Bioethics Blogs

10 years after Vioxx scandal, pharmaceutical companies caught again misleading patients using false claims

Pharmaceutical companies have once again used industry influence to conceal data and make false claims about a high-profile medication.

Today The New York Times reported that Johnson & Johnson and Bayer – the companies behind the anti-clotting drug Xarelto – are responsible for critical laboratory data being left out of a letter published in The New England Journal of Medicine discussing the safety of the medication. Lawyers representing patients suing the two major pharmaceutical companies claim that both corporations were complicit by remaining silent about the data concealed from the publication.

If this scenario sounds familiar, it’s because it is: in 2005, The New England Journal of Medicine published an Expression of Concern after it was discovered that researchers had deliberately concealed three heart attacks in the data from a clinical trial of the painkiller Vioxx (which has subsequently been taken off the market).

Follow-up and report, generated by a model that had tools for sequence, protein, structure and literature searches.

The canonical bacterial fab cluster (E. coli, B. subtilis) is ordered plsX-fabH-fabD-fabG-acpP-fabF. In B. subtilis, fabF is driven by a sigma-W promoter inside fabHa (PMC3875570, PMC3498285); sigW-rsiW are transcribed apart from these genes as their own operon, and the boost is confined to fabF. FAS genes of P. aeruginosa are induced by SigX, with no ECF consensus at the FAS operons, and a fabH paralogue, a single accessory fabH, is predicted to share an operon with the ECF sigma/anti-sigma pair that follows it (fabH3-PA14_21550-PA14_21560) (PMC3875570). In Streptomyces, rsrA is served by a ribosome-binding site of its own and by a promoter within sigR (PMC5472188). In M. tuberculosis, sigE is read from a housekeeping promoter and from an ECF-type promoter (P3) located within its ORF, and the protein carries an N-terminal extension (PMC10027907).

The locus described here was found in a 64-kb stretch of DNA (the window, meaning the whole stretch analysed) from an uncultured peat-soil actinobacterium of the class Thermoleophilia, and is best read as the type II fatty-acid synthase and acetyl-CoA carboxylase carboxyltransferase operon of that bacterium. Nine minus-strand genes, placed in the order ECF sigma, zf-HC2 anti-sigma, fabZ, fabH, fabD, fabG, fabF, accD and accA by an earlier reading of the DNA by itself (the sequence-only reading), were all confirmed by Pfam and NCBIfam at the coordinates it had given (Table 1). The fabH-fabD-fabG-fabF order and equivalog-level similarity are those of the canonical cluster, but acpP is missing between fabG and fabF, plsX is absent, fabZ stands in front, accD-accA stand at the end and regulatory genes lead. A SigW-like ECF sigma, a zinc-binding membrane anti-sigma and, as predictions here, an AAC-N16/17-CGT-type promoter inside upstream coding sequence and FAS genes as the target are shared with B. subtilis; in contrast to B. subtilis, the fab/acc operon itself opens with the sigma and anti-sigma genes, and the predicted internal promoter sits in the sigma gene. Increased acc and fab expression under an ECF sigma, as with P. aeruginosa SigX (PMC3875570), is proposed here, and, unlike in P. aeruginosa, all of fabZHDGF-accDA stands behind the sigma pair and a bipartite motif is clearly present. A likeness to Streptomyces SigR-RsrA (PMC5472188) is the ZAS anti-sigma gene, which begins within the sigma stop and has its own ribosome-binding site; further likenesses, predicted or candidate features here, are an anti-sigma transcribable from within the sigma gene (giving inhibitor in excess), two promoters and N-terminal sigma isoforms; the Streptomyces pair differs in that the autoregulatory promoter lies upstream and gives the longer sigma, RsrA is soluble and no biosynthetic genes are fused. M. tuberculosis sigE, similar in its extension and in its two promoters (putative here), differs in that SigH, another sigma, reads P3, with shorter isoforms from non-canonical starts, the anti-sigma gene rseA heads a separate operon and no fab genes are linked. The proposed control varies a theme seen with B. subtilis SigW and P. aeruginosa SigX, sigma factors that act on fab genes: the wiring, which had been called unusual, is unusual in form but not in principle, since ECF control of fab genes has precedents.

As a response to this serious breach of ethics, Fordham University’s Center for Ethics Education held a conference in January 2005 entitled, “Bio-Pharmaceuticals for the 21st Century: Responsibility, Sustainability & Public Trust.” This conference resulted in a white paper on clinical trial registries and results databases that helped to pave the way for legislation requiring pharmaceutical companies to disclose the results of studies.

Following the conference, Center Director Dr. Celia B. Fisher published an article in Science arguing that while hasty legislation mandating posting of results to ensure public safety is necessary, “results databases are not a substitute for systematic scientific peer review and scientific rigor.”

While the recent clinical trial results published on Xarelto indicate that the pharmaceutical companies have found a workaround to the updated policies, it is important to revisit the ethical issues Fisher raised more than a decade ago.

The views, opinions and positions expressed by these authors and blogs are theirs and do not necessarily represent that of the Bioethics Research Library and Kennedy Institute of Ethics or Georgetown University.